A complaint filed on Tuesday against University of California Berkeley Law School dean Sujit Choudhry and the University of California Board of Regents alleges that Choudhry sexually harassed his executive assistant beginning in 2014. In the lawsuit, Choudhry’s executive assistant Tyann Sorrell claims that he began kissing and touching her once he became dean.
The Washington Post reports:
“Choudhry’s kissing and hugging plaintiff was a near daily occurrence,” she said in the lawsuit. “Choudhry’s conduct made plaintiff feel disgusted, humiliated, exposed and dirty. She wondered what she had done to make him think it was OK for him to touch her.”
Sorrell is suing on eight counts, including sexual harassment, failure to take “reasonable steps,” and failure to follow mandatory statutory duty. The latter claim results from an investigation of Choudhry by UC Berkeley’s Office for the Prevention of Harassment and Discrimination in July 2015. The Daily Californian, UC Berkeley’s student newspaper, reports that during that investigation, Choudhry admitted to “hugging, kissing, messaging or caressing Sorrell at least multiple times per week.” He also admitted to sexually harassing other female employees.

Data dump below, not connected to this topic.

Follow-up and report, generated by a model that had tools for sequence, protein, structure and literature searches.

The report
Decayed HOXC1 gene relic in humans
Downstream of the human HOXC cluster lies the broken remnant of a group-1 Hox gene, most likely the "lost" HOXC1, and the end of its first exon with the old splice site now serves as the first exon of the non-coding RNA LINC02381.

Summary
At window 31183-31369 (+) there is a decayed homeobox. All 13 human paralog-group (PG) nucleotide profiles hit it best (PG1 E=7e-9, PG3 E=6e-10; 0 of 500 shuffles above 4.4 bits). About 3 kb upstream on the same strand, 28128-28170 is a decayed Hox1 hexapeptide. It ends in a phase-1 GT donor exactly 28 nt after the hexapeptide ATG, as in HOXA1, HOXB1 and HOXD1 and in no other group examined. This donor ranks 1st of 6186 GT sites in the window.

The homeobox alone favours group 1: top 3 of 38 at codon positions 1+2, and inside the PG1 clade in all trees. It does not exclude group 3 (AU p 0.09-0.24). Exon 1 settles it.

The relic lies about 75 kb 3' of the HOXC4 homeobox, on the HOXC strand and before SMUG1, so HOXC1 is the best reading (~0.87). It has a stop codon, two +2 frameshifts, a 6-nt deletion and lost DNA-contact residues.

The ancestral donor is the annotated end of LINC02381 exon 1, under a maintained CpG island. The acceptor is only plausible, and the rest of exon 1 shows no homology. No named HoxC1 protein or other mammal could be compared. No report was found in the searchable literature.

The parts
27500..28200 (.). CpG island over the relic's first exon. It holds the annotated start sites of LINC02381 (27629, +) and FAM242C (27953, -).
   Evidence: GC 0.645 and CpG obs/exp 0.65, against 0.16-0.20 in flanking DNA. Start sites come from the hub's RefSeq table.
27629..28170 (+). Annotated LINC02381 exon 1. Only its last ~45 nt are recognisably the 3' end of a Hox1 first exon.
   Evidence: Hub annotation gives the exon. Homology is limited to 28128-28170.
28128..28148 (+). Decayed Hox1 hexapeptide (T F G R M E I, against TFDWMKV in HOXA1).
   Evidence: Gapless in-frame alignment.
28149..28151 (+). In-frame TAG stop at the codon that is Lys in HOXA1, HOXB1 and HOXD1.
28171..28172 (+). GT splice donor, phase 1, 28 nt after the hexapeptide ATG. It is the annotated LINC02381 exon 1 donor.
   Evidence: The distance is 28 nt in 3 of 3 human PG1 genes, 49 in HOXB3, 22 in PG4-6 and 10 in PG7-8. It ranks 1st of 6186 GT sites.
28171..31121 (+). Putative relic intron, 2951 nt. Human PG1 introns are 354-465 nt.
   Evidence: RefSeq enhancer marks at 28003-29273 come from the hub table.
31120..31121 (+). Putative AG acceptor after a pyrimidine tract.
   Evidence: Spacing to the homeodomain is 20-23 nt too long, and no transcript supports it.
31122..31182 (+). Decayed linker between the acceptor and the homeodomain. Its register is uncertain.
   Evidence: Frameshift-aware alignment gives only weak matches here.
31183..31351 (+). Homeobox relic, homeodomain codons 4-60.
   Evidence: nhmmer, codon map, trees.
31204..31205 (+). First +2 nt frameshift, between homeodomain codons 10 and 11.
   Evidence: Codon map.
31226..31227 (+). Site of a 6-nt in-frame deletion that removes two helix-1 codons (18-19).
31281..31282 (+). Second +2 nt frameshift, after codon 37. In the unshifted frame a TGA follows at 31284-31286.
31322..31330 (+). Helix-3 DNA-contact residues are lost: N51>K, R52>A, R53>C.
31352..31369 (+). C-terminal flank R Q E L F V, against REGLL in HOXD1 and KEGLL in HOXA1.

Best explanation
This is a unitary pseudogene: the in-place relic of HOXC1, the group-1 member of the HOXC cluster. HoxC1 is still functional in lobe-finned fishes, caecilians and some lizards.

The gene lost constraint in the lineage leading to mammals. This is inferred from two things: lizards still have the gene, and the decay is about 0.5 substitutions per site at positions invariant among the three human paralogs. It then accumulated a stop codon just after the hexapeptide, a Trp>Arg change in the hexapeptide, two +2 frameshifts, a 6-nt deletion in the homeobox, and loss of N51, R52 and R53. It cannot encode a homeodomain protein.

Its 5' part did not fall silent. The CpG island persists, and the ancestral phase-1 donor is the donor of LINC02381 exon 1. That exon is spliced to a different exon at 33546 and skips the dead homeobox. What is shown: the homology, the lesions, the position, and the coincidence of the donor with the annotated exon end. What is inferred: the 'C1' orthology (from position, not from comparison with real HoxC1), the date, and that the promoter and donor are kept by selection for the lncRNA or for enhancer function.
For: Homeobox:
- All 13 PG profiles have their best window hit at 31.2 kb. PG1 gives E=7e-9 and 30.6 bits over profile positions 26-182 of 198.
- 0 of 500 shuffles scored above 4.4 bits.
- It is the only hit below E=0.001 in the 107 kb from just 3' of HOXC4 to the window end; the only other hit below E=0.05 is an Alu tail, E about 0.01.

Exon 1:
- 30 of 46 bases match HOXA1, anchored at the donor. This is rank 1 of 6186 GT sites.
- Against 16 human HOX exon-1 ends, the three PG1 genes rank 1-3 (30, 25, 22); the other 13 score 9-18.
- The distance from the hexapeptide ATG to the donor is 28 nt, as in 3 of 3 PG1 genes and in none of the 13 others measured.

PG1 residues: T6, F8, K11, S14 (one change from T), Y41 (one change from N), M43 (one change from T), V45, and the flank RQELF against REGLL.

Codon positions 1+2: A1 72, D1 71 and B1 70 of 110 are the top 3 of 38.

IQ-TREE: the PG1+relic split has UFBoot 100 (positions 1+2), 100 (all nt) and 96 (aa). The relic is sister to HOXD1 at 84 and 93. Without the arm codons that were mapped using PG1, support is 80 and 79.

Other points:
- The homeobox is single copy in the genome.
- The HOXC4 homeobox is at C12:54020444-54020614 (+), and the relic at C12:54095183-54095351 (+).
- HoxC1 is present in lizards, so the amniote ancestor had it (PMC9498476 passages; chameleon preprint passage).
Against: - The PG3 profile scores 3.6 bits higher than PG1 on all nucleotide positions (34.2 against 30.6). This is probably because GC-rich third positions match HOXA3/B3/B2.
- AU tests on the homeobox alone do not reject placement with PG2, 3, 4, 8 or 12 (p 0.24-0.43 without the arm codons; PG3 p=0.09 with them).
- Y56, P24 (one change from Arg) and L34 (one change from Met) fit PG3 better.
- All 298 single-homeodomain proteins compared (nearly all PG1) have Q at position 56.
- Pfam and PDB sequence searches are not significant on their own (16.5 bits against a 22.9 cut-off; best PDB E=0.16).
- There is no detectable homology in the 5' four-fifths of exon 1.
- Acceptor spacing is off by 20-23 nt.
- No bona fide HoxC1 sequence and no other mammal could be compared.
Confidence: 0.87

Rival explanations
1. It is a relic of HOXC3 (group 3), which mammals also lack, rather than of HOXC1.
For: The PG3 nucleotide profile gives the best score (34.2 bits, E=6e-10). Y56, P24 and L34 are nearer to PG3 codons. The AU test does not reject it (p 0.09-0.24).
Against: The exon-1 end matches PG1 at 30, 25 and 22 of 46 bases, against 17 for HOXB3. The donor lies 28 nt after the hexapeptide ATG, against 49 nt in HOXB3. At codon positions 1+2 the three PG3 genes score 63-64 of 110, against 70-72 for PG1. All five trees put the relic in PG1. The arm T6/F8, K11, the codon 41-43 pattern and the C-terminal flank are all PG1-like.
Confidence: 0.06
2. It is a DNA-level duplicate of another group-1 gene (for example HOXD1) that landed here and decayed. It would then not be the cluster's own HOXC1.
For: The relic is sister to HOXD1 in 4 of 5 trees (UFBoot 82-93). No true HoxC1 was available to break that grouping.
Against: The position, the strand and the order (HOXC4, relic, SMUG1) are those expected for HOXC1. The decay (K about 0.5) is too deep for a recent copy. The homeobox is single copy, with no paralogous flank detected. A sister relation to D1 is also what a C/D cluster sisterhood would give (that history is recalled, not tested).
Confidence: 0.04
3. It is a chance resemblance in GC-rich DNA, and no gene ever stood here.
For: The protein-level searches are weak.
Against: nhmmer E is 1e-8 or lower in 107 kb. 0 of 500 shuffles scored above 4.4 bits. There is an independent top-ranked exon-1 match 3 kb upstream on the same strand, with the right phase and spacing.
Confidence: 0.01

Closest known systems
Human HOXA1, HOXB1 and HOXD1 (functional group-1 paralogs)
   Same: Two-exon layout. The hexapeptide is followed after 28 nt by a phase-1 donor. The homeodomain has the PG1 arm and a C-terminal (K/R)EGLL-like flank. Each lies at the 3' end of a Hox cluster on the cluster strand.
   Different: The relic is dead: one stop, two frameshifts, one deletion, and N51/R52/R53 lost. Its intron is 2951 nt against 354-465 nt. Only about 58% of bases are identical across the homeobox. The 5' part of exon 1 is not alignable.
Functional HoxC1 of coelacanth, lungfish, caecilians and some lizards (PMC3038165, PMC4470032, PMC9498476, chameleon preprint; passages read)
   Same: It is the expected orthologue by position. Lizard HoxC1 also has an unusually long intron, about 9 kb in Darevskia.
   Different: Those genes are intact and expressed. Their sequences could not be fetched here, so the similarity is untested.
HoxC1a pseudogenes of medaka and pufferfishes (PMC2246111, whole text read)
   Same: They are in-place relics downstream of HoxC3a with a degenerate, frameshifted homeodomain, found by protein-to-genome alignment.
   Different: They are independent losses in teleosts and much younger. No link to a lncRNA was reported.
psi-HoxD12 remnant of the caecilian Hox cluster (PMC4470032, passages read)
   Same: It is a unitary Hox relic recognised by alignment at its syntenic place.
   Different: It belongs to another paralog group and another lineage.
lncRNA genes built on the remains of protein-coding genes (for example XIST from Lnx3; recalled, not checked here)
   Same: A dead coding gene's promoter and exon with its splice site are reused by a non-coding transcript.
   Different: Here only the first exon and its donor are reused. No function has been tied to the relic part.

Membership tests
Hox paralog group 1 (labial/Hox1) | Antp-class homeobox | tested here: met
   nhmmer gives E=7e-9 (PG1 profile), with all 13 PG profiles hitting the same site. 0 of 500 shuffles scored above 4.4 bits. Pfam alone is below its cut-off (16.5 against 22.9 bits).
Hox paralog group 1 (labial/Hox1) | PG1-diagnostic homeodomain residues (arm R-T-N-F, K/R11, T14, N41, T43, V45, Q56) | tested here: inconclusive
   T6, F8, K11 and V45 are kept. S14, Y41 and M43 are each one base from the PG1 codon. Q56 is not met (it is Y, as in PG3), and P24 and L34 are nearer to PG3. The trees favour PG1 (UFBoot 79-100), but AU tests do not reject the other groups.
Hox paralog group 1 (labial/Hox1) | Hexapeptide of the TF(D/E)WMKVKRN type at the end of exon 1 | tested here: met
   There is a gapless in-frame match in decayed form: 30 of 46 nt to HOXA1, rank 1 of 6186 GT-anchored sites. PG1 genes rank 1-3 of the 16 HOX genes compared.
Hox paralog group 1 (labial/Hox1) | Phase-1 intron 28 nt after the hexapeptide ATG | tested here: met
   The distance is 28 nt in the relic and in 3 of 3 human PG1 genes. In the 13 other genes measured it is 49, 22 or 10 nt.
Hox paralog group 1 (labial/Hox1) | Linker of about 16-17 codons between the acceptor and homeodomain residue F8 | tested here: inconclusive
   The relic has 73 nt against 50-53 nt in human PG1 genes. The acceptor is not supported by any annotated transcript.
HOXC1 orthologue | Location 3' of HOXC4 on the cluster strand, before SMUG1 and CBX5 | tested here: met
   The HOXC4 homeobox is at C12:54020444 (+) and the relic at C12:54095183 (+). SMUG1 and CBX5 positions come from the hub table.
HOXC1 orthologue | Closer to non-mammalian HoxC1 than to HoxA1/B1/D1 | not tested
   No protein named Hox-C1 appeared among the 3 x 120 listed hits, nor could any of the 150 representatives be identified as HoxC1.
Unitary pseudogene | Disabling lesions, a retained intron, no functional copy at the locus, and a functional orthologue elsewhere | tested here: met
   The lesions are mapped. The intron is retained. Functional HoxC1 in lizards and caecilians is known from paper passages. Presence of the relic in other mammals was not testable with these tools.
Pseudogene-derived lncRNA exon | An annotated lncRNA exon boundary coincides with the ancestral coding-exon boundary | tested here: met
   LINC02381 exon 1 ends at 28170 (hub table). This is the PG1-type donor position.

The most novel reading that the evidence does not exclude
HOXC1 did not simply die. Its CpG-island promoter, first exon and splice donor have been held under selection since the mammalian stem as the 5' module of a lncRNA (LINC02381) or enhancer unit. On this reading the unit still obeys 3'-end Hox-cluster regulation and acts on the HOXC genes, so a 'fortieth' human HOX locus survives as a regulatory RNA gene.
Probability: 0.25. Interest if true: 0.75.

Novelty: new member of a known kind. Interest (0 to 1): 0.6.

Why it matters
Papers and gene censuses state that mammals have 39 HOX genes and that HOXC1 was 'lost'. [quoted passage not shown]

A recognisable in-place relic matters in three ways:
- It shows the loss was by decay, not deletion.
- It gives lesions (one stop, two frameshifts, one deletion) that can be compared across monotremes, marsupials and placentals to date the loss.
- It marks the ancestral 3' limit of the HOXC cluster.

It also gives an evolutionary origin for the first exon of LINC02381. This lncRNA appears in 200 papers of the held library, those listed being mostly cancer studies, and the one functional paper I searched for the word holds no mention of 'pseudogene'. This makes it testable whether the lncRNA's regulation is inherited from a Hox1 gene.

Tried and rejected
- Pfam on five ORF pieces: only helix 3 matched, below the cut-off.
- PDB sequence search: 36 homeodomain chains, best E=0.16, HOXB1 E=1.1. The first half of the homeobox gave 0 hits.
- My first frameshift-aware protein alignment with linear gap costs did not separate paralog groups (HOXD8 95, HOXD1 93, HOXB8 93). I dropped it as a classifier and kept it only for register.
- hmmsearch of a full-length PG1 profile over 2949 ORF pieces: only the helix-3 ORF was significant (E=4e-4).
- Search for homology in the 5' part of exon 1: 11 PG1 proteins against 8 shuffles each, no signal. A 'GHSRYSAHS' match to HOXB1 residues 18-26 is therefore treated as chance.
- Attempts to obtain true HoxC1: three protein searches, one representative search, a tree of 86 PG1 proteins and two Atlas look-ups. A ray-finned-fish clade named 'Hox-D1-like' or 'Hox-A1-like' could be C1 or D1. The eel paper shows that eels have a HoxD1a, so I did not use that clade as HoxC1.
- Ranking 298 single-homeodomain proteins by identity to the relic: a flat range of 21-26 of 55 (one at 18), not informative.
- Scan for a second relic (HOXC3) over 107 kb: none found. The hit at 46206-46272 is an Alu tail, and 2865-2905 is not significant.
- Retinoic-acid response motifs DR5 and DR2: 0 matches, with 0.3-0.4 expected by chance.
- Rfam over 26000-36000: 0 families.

Instead of firing Choudhry, UC Berkeley reduced his pay by 10 percent and required him to write a letter of apology to Sorrell. In her suit, Sorrell alleges that she was told by Executive Vice Chancellor and Provost Claude Steele that the office decided against firing Choudhry because “it would ruin the Dean’s career.” In 2014, Choudhry’s total pay was $472,917. Apparently it costs roughly $47,000 to sexually harass female employees.
Sorrell is suing for monetary compensation “sufficient to punish and make an example out of all individual Defendants,” as well as reimbursement of all legal fees.
The Choudhry news comes on the heels of UC Berkeley’s failure to respond to multiple sexual harassment complaints against former astronomy professor Geoff Marcy. Between 2001-2010, Marcy sexually harassed numerous students, including unwanted kissing and groping, which the university routinely ignored, favoring Marcy, an esteemed scholar, over their female students.